Due to an increase of spam on the FTC forums, new user accounts must contain:
1. a valid email address
2. a reference to a valid FTC team number
3. a valid location (city, state/province)
New accounts will be manually verified before users are able to post to forums.
Please Note: Game Q&A forum posts must be made using the forum login and password assigned to your team. The main contact for your team will find your team credentials on the Team Summary page of your TIMS account.
We are very sorry for the unavoidable delays that manual verification creates. Thank you for your patience.
I have just received an email from LEGO stating that their small and medium sprockets are on back order until January. We have our first tournament on Dec. 8th. Are we allowed to purchase the following sprockets from McMaster Carr http://www.mcmaster.com/#roller-chain-sprockets/=k9ewmh to use in their place. We are in desperate need of these of sprockets to complete our robot.
A: Due to the issues with delivery of the small and medium sprockets, FIRST has decided to allow teams to purchase sprockets from alternate suppliers. However the sprockets must be functionally equivalent to the Tetrix sprockets (same number of teeth, and pitch). The sprockets may be made of steel, aluminum, plastic, etc.
Reynobond is an aluminum composite material. It is raw material that consists of 2 sheets of thin aluminum with an extruded thermoplastic core which is 4mm thick. A plywood like material for metal. (http://www.alcoa.com/aap/north_ameri...sp?cat_id=1756)
The team would like to use it in place of plate aluminum.
Q2: Are non-Lego pneumatic pistons allowed as linear slides provided they are not being actuated with compressed air? (used explicitly for the sliding motion, not using compressed air and a solenoid to actuate) http://www.smcpneumatics.ca/en.aspx
Q3: Are rack and pinion assemblies allowed providing they are used only for the sliding motion and not exploiting the rack?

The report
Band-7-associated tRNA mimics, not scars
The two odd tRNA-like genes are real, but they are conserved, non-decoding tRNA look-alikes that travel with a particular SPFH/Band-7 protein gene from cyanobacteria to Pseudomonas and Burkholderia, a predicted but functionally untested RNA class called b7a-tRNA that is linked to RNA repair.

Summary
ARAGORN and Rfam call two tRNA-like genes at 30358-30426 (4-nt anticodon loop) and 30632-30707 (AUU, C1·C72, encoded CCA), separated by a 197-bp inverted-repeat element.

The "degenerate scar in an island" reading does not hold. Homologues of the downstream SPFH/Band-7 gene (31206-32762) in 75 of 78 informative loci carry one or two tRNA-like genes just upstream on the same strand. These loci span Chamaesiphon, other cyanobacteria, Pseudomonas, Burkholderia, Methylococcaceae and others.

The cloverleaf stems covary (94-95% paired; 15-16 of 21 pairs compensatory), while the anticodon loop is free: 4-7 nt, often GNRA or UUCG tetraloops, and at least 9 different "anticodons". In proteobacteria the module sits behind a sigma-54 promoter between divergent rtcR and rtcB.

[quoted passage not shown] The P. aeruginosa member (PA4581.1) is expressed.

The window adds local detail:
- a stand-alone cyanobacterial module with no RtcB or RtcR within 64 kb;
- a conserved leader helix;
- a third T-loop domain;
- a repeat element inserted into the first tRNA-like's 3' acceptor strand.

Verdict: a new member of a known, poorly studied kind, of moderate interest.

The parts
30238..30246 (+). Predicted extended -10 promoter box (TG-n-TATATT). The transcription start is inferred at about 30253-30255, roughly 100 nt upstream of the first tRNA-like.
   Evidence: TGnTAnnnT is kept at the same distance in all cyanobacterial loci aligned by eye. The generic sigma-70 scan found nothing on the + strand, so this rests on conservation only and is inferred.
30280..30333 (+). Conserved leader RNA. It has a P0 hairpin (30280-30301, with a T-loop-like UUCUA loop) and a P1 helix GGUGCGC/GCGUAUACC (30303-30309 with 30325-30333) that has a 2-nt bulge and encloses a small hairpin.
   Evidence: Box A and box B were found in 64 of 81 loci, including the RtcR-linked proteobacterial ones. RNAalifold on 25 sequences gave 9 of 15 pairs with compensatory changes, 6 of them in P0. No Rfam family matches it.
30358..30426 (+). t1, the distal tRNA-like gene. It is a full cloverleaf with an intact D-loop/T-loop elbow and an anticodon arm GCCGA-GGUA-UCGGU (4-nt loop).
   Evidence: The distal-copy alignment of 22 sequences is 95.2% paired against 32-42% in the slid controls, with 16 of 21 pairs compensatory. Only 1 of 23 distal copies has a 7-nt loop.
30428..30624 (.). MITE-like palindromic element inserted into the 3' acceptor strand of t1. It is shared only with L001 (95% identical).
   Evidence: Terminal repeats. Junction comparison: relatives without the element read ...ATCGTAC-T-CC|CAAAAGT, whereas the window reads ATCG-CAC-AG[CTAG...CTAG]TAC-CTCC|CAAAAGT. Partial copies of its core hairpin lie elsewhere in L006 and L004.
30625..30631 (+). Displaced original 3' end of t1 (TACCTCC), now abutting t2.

A: Q1: Lift supports are not considered linear sliders and may not be used on the robot.
Q2: Non-Lego pneumatic cylinders are not allowed on the robot, regardless of their intended use.
Q3: Commercially available Non-Lego and non-Tetrix rack and pinions are not allowed regardless of their intended use.
We have a 3D printer that we had repaired and they replaced the lead screw and nut for it that raised and lowered the tray that the 3D parts were built on. Can we use the lead screw and compatible nut on our robot per rule 4.2.2 <R02> A3 "Lead Screws and Threaded Rod plus Compatible Nuts"
A: There are no rules restricting where a legal part may be acquired.
Our team has read through this forum and what classifies a "bearing" and it was talking about how the supplier classified their product. We are looking for some general clarification along with a specific part
Q1: If in the description it describes it being composed of a bearing but is not titled such, is it legal?
Q2: If a product uses a trade name, but is evidently a bearing, is it legal. An example would be a "deck organizer" in sailing, it is comprised of a few bearings but has an application specific name, or a "traveler" it is clearly a linear slide but is not called such.
Thanks again for clearing up everyone's questions, it clarifies the rules immensely!
A: Q1: Just because an item contains a bearing does not make it a legal part. To make it easy for the Inspectors to determine the legality of a part the rule is that the part must be sold as a "bearing". It is the simplest way to insure consistency across the large number of FTC events.
Q2: This question does not provide enough information to make a ruling. Please provide a link to the product description.
Q3: This part is a pulley that contains a bearing and is not an allowed COTS.